OKLAHOMA CITY (AP) — A Senate committee has approved a bill to eliminate the 4.5 percent state sales tax on groceries, despite one senator’s argument that lawmakers are fostering a fairy tale.
Several legislators have introduced similar measures. Sen. Mike Mazzei, R-Tulsa, is sponsor of the bill that was passed Tuesday by the Senate Finance Committee, which Mazzei chairs.
Mazzei also won approval of his bill to remove a requirement that kept a previously approved income tax cut from taking effect.
The Legislature has voted to drop the maximum income tax rate from 5.5 percent to 5.25 percent, but that is contingent on a revenue growth rate of 4 percent, which did not happen this year.
Mazzei’s plan removes the requirement and allows the lower rate to take place in the 2010 tax year. It would be a $44 million annual tax cut.
Removing the sales tax on groceries would be a $245 million tax reduction when fully implemented in five years, according to the Oklahoma Tax Commission.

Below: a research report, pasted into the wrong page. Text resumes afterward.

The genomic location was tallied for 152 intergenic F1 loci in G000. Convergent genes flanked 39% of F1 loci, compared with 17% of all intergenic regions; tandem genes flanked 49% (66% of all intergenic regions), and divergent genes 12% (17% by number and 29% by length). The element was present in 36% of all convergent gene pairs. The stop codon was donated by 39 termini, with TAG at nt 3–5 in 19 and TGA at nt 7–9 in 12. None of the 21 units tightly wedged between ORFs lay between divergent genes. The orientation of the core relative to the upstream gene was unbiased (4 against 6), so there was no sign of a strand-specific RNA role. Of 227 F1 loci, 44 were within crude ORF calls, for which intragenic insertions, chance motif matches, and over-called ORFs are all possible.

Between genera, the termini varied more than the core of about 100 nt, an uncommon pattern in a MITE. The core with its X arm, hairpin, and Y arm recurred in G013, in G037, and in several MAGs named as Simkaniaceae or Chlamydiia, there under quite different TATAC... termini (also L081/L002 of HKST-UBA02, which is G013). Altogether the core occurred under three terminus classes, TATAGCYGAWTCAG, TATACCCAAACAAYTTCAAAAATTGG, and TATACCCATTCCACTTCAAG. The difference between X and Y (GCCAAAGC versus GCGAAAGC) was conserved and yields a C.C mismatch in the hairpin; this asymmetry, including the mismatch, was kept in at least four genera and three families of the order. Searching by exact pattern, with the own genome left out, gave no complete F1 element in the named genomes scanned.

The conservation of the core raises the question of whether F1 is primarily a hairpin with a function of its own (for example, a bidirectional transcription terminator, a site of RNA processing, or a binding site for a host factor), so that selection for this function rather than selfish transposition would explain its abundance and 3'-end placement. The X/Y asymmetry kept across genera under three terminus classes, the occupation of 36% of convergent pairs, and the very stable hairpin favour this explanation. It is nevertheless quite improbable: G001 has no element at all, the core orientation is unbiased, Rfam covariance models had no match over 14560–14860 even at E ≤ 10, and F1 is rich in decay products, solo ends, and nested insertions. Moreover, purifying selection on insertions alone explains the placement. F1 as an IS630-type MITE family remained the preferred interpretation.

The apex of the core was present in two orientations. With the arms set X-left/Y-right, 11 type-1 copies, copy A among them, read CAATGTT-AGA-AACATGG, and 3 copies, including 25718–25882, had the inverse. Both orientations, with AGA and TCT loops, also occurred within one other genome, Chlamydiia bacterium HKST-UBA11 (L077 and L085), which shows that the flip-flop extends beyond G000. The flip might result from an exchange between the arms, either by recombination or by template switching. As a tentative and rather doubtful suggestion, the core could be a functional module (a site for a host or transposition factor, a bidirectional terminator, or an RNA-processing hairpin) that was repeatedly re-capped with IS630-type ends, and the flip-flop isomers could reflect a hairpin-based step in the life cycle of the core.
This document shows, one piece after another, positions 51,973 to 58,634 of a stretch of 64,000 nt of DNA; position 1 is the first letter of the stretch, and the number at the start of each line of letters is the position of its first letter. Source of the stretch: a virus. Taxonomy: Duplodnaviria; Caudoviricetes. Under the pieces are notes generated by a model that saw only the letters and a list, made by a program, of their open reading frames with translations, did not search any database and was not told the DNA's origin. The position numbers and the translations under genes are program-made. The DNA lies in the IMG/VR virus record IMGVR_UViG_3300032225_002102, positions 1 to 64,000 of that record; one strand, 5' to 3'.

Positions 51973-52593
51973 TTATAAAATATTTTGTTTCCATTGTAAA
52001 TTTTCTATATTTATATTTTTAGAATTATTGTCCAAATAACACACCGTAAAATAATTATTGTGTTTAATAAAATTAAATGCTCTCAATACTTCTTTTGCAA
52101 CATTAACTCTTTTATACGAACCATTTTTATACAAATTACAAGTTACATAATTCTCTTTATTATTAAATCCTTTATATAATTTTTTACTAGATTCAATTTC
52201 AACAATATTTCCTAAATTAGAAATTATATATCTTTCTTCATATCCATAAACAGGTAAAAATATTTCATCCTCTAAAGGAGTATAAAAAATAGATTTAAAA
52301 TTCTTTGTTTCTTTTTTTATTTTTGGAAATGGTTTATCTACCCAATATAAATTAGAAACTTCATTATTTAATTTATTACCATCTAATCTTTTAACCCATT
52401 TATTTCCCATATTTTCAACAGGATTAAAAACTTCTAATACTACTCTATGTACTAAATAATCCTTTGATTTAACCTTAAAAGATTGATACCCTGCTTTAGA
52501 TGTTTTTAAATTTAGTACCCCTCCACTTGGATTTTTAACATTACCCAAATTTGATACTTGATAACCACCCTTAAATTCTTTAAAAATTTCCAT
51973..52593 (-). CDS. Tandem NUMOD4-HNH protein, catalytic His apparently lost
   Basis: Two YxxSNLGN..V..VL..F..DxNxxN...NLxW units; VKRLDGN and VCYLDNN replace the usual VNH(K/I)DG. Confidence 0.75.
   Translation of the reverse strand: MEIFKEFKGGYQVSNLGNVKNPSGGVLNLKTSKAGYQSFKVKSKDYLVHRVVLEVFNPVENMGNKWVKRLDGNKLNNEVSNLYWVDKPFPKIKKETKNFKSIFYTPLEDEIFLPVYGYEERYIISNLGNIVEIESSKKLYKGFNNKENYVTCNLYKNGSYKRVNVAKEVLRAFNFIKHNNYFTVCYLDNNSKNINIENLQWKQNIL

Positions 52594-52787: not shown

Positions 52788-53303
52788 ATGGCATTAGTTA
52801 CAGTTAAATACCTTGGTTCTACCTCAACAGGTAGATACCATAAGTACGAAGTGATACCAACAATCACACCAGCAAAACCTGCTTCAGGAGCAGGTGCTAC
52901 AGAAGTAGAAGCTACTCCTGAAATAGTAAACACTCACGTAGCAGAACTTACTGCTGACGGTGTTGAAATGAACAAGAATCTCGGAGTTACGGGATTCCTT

Sen. Johnnie Crutchfield, D-Ardmore, said eliminating the grocery tax would help more people than other tax cuts passed in recent years.
Crutchfield said it would be “a great tax cut,” but it cannot be done in a year when there is a $600 million state budget shortfall.
He asked his fellow senators: “Why are you putting a fairy tale out there for the public?”
Crutchfield cast the only “no” vote.
Sen. Jay Paul Gumm, D-Durant, has been pushing for eliminating the sales tax on groceries. He expressed optimism that lawmakers could at least make a start toward doing away with the tax.
“It takes time sometimes for a very good bill to become law,” Gumm said.
The committee also approved a bill to extend a tax credit on horizontal drilling for natural gas.
All the measures passed by the panel are expected to go to a joint House-Senate conference committee, where final decisions will be made later in the session.